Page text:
The Applicant’s consultants have also repeatedly told the Board that its powers are limited under G.L. c. 40B because of the pressing need for affordable housing.  We respectfully disagree.  The Board is empowered – in fact, required under the statute to consider not only affordable housing needs, but also: “the need to protect the health or safety of the occupants of the proposed housing or of the residents of the city or town, to promote better site and building design in relation to the surroundings, or to preserve open spaces.”  G.L. c. 40B, s. 20.  To this end, the Board may impose – to identify but a few – conditions limiting density to reduce project impacts; requiring the provision of water and sewer infrastructure consistent with the Town’s practices and plans; requiring open space and recreational areas as part of site design; requiring natural landscapes and native plantings; limiting impervious areas; requiring a dark skies-compatible lighting plan and fixtures; requiring buffering of parking areas; and requiring design/architectural style consistent with existing development patterns.

“Local concerns,” which the Board may protect through conditions and waiver denials, are exactly that: concerns specific to Nantucket – for example, intractable summer traffic, or the preservation of critical wildlife habitat for endangered species such as Northern long-eared bat (a concern shared by the NLC and the Town of Nantucket as pursued in the pending NHESP proceedings relating to the Surfside project). Among the most essential conditions the Board may, and should include in any permit granted are 1) a requirement of additional open space and a vegetated buffer at the front and rear of the development site; 2) a requirement of a gravity sewer as recommended by the Town’s consultant; and 3) a condition that no development of the parcel may proceed until a survey of the property is conducted for the presence of the Northern Long-eared bat, the New England Blazing Star, and other plant species protected by law.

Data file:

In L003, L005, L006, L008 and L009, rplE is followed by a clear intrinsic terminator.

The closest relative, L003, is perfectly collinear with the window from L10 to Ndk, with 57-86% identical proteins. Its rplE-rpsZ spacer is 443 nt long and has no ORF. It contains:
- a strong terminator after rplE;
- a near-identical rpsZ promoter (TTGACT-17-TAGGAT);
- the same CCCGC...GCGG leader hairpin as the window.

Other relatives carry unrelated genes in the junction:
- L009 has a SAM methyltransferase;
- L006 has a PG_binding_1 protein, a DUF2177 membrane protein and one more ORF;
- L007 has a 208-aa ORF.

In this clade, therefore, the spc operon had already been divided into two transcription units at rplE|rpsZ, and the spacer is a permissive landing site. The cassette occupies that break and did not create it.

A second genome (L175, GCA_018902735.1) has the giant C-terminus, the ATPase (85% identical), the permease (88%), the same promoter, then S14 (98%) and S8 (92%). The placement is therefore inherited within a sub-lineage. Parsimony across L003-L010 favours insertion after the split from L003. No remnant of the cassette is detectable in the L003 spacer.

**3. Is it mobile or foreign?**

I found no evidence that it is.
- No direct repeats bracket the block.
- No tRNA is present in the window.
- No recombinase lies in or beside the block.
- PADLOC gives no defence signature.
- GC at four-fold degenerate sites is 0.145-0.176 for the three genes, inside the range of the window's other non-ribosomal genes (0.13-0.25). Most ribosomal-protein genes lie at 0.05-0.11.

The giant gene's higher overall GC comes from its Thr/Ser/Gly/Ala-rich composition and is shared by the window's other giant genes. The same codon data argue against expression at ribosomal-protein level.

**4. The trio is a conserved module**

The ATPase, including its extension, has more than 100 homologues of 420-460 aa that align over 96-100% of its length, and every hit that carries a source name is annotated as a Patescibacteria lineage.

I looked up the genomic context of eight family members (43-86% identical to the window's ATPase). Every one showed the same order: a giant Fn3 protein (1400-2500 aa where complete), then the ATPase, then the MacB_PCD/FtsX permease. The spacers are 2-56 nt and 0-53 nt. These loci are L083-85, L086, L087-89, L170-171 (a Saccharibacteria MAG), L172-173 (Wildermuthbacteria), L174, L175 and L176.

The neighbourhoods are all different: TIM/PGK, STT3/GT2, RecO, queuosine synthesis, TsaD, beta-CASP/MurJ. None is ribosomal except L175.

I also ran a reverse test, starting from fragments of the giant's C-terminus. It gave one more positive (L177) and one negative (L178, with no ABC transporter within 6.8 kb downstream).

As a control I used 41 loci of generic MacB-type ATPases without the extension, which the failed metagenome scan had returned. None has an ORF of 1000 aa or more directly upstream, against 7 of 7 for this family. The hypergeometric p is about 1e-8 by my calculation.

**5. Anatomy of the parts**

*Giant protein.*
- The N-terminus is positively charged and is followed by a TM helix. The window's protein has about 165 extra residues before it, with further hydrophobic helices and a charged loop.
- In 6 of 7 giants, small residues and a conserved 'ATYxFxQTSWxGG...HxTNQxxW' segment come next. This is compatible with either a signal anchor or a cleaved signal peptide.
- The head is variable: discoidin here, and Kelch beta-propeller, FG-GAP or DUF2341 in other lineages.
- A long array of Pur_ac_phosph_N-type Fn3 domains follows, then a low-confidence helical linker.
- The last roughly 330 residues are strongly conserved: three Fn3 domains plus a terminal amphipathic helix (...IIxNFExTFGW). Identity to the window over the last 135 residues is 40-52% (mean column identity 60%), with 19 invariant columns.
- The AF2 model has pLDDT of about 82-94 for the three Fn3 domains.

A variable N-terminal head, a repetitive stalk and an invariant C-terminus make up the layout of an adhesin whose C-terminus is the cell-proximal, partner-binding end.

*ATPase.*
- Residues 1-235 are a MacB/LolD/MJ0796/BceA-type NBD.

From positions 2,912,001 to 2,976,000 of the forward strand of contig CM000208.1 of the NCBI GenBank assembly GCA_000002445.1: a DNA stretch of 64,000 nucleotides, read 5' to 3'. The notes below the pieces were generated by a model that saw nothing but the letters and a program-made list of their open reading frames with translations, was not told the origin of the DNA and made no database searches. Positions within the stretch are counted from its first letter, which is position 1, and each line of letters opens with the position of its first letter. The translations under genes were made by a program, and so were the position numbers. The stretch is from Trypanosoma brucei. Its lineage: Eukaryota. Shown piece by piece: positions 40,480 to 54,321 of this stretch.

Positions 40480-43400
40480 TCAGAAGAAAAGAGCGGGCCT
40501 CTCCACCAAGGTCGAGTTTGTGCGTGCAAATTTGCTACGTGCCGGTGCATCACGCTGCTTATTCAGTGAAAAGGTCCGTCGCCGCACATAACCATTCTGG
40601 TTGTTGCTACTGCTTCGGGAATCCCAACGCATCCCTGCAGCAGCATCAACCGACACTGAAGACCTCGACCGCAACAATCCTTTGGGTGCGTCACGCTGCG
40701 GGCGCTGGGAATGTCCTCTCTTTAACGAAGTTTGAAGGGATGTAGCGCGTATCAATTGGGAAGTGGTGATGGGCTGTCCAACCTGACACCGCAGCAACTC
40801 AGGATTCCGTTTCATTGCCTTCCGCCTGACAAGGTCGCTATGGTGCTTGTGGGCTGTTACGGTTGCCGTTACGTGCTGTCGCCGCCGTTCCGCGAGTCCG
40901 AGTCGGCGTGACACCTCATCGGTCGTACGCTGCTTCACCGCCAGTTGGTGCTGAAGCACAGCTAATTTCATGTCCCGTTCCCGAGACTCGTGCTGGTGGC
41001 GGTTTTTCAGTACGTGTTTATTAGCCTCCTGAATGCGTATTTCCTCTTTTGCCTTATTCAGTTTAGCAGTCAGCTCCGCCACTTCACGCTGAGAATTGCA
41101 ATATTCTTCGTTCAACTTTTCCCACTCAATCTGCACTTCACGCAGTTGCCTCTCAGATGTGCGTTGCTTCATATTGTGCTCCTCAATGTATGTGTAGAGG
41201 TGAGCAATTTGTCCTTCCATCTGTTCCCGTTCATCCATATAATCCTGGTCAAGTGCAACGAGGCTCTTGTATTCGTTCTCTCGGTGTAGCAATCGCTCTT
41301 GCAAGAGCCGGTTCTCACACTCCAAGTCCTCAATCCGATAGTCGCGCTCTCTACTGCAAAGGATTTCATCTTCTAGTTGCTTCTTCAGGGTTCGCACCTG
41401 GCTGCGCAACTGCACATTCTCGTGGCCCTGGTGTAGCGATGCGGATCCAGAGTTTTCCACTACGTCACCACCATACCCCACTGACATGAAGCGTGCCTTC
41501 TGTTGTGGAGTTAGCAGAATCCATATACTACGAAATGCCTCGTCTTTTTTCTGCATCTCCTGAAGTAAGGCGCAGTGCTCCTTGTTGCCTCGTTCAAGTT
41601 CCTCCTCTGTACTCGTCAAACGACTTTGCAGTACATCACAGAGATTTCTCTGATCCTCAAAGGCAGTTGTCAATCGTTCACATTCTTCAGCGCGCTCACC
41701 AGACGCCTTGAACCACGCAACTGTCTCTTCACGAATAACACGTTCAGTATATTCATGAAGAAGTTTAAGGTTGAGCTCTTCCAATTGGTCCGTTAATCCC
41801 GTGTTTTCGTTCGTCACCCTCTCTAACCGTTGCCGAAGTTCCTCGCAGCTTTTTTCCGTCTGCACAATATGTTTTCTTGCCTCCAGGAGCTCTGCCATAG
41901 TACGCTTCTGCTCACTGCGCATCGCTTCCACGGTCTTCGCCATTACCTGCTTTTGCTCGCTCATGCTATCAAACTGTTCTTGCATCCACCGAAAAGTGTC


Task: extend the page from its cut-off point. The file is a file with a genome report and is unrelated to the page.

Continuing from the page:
As the Board is aware, despite repeated requests, the Applicant has provided inadequate submittals with respect to key aspects of the project such as site design, infrastructure, and the provision of utilities.  The record is replete with reports by the Board’s consultants, as well as comment by Town departments and officials, noting the lack of information on significant aspects of the project. Space does not permit the itemization of these deficiencies; we would ask the Board to note that the Applicant’s most recent response to the Plan Review by Chessia Consulting (see Bracken Engineering letter dated March 19, 2019) declines to respond to many outstanding issues identified, both great and small.  The Applicant’s consultants insist that the Board is entitled to nothing further.  Such dismissive, disrespectful, and counterproductive attitude would be troubling enough coming from an off-island developer.  It is surprising, to say the least, that it comes from someone of the Nantucket community.

Again, we thank the Board for its patience and hard work in reviewing the Surfside application and engaging the public as part of this process.  We are confident that you will reach a decision reflecting the concerns raised in this process, and one that protects the interests of the Town, its residents, and its natural resources.

 

Sincerely,

Emily Molden

Executive Director

 

CC:      Barbara Carboni, Esq.

Peter Fenn, Esq.

Jonathan Witten, Esq.

George Pucci, Esq.

 

[1]The density proposed is largely driven by the “workforce housing,” so-called, that the applicant claims to be providing in this project. As the Applicant has noted, there are no income-based restrictions for buyers of these units; moreover, there are no restrictions on sale price or resale price of these units.  These units are simply market-rate units enabling the Applicant to derive greater profit from the development.